"A lot of us go through culinary training programs and are never exposed to the different genres of culinary arts," says Scott. "People don't know that cooking shows are produced by people who also have culinary degrees. It would help if we could educate people more on the options that are out there," says Scott.
Ward has expanded her work from mainly event catering to include culinary education, ensuring that anyone interested in working in food, especially young people in her community, learn about career options from people they can relate to. "Food and what it can do for human beings is not just about consumption. It's more than that," Ward points out. "Relativity is so important."
[The pandemic] reminded us of everything we are and can be.
As the food media world marks one year since the outpouring of revelations of discriminatory practices at well-known outlets like Bon Appétit, resources continue to flow into diversity, equity, and inclusion initiatives in the hopes of addressing unequal pay practices, erasure, and systemic disenfranchisement of people of color. Scott encourages anyone with true intention and resources to make social change in food media to start by hiring people who are not white and commit to paying them as if they are. "And, of course," Scott says, "don't erase their voices."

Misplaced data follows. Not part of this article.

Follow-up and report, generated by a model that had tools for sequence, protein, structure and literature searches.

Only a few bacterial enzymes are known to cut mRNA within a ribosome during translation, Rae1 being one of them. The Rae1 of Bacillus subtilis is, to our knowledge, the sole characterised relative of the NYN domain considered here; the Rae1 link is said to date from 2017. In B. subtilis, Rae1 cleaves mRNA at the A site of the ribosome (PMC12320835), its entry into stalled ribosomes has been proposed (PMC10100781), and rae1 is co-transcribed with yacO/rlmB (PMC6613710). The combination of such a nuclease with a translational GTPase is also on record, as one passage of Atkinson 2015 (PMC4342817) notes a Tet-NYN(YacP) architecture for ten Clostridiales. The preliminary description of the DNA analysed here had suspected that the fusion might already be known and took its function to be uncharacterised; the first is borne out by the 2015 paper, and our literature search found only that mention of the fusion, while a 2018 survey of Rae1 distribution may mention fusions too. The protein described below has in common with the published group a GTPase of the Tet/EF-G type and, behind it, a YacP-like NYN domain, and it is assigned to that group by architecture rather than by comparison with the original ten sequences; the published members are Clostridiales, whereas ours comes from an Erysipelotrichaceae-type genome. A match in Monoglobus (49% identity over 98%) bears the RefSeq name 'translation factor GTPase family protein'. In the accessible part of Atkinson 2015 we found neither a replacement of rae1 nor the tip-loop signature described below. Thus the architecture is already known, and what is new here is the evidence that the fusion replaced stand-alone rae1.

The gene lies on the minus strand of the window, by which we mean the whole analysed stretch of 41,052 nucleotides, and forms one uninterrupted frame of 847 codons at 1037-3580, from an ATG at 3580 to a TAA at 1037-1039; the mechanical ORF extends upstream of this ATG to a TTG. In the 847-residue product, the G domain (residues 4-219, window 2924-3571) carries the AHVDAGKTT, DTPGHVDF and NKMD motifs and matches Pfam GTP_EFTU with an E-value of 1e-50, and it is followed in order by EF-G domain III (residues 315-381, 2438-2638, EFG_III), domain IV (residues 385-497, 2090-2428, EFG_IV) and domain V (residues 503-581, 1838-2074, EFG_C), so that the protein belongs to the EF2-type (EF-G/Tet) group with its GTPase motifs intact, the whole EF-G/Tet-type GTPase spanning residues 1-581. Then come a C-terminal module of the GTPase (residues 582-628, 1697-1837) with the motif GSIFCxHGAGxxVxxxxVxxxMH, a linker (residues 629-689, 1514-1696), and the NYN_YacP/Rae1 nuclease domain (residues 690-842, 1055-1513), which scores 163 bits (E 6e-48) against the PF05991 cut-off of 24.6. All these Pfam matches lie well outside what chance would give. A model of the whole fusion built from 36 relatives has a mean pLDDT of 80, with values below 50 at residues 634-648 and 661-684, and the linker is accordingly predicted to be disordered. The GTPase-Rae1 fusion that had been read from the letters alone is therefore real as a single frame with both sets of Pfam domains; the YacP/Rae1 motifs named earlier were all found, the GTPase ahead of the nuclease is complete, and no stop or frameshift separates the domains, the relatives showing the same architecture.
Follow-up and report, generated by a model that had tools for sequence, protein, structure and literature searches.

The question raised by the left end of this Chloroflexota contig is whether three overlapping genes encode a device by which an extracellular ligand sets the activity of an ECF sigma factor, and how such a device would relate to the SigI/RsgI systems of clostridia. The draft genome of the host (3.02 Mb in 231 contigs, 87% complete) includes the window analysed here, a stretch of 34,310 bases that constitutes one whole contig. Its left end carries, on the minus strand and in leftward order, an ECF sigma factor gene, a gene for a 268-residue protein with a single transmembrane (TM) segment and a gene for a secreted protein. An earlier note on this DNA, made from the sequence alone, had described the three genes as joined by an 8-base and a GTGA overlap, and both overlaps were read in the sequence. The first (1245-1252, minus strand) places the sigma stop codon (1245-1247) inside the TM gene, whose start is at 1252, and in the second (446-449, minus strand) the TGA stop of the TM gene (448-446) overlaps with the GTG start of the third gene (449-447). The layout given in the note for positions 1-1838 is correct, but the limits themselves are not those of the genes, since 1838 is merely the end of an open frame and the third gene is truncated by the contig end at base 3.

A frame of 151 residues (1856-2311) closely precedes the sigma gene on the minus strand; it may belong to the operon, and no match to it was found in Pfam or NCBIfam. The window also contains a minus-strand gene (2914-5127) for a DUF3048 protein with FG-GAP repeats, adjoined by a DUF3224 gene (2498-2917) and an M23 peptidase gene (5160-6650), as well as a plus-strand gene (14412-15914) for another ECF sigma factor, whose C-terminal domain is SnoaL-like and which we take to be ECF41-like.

Rather than waiting for an invitation to the table, more and more Scott sees her BIPOC colleagues heeding the counsel she often heard from her elders to "take care of home first".
"[The pandemic] reminded us of everything we are and can be," says Scott. As someone with great grandparents from Mound Bayou, Mississippi, a town founded by formerly enslaved Black people in 1887, Scott is fully aware of the capacity of BIPOC communities to shape a more equitable future.